Mourning Terence Davies

    Terence Davies

    The British director, screenwriter and actor Terence Davies has died at the age of 77.

    Born as the youngest of ten children in a Liverpool working class family, Terence Davies set out as an office clerk before enrolling in acting school and starting to write scripts. Although his often autobiographical work includes just around a dozen films, he has often been described as one of the greatest contemporary British directors.

    His debut feature DISTANT VOICES, STILL LIVES, an intimate family portrait, instantly won the 1988 FIPRESCI Award in Cannes and continued receiving the Golden Leopard in Locarno, the International Critics’ Award in Toronto, a nomination for the French César awards and three nominations for the first European Film Awards.

    He returned to Cannes in 1992 with THE LONG DAY CLOSES, a kind of sequel to his debut, about a teenager growing up, which went on to win the Golden Spike in Valladolid, and in 1995 with THE NEON BIBLE, based on the book by John Kennedy Toole.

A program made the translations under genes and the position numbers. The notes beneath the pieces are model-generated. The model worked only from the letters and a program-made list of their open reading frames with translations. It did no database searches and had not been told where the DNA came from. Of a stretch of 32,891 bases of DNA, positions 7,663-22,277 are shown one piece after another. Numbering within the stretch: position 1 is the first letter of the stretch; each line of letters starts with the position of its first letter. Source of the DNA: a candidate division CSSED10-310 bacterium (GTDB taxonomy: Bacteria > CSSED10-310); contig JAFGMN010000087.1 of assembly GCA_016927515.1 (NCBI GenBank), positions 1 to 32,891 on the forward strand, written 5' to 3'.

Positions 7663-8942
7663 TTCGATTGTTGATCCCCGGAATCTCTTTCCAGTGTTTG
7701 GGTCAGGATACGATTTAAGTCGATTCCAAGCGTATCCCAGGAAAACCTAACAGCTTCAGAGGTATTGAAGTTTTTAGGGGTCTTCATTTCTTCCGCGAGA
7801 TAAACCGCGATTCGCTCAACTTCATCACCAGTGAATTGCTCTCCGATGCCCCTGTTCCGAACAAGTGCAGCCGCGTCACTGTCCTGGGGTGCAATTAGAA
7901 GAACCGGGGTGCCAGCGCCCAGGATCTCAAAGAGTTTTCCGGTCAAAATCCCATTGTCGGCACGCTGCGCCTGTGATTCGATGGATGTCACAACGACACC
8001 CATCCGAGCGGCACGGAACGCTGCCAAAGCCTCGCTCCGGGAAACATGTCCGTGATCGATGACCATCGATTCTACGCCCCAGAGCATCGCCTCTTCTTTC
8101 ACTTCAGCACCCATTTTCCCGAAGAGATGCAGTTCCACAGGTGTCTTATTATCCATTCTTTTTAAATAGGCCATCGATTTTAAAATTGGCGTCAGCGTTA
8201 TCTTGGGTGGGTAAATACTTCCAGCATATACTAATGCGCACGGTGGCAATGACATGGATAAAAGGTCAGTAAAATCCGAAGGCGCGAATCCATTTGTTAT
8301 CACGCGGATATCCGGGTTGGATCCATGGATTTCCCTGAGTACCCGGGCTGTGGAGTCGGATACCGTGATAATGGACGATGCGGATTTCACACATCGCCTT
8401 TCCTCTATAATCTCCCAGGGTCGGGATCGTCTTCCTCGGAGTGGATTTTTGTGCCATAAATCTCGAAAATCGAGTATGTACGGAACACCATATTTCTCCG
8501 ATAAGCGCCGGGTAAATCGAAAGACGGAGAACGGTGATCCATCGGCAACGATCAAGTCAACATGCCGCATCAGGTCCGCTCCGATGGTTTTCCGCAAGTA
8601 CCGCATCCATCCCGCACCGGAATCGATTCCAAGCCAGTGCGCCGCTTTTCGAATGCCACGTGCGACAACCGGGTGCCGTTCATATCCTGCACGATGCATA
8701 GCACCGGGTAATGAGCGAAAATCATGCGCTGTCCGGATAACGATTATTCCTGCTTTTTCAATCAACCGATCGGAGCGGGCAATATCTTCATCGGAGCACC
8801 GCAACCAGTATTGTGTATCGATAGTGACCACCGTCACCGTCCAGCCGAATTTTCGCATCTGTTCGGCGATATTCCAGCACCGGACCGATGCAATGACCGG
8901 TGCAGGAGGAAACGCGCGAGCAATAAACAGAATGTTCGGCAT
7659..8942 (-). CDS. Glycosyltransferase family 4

Another screen adaptation, THE HOUSE OF MIRTH, with Gillian Anderson, received two BAFTA nominations and won the 2001 People’s Choice Award in Istanbul.

    His 2008 documentary OF TIME AND THE CITY, about his hometown Liverpool at the middle of the 20th century, won the ‘Cinema and the City’ Award in Thessaloniki and in 2011 THE DEEP BLUE SEA was released, a drama about the affair of a married woman in the 1950s, starring Rachel Weisz and Tom Hiddleston.

    A QUIET PASSION with Cynthia Nixon as Emily Dickinson played in competition at the 2016 London Film Festival and won the Grand Prix in Ghent and his last film, BENEDICTION (2021) won the Jury Prize in San Sebastian and an acting award for Jack Lowden as the British poet Siegfried Sassoon at the Scottish BAFTA Awards.

    Terence Davies died on 7 October at his home in Essex. We will miss him.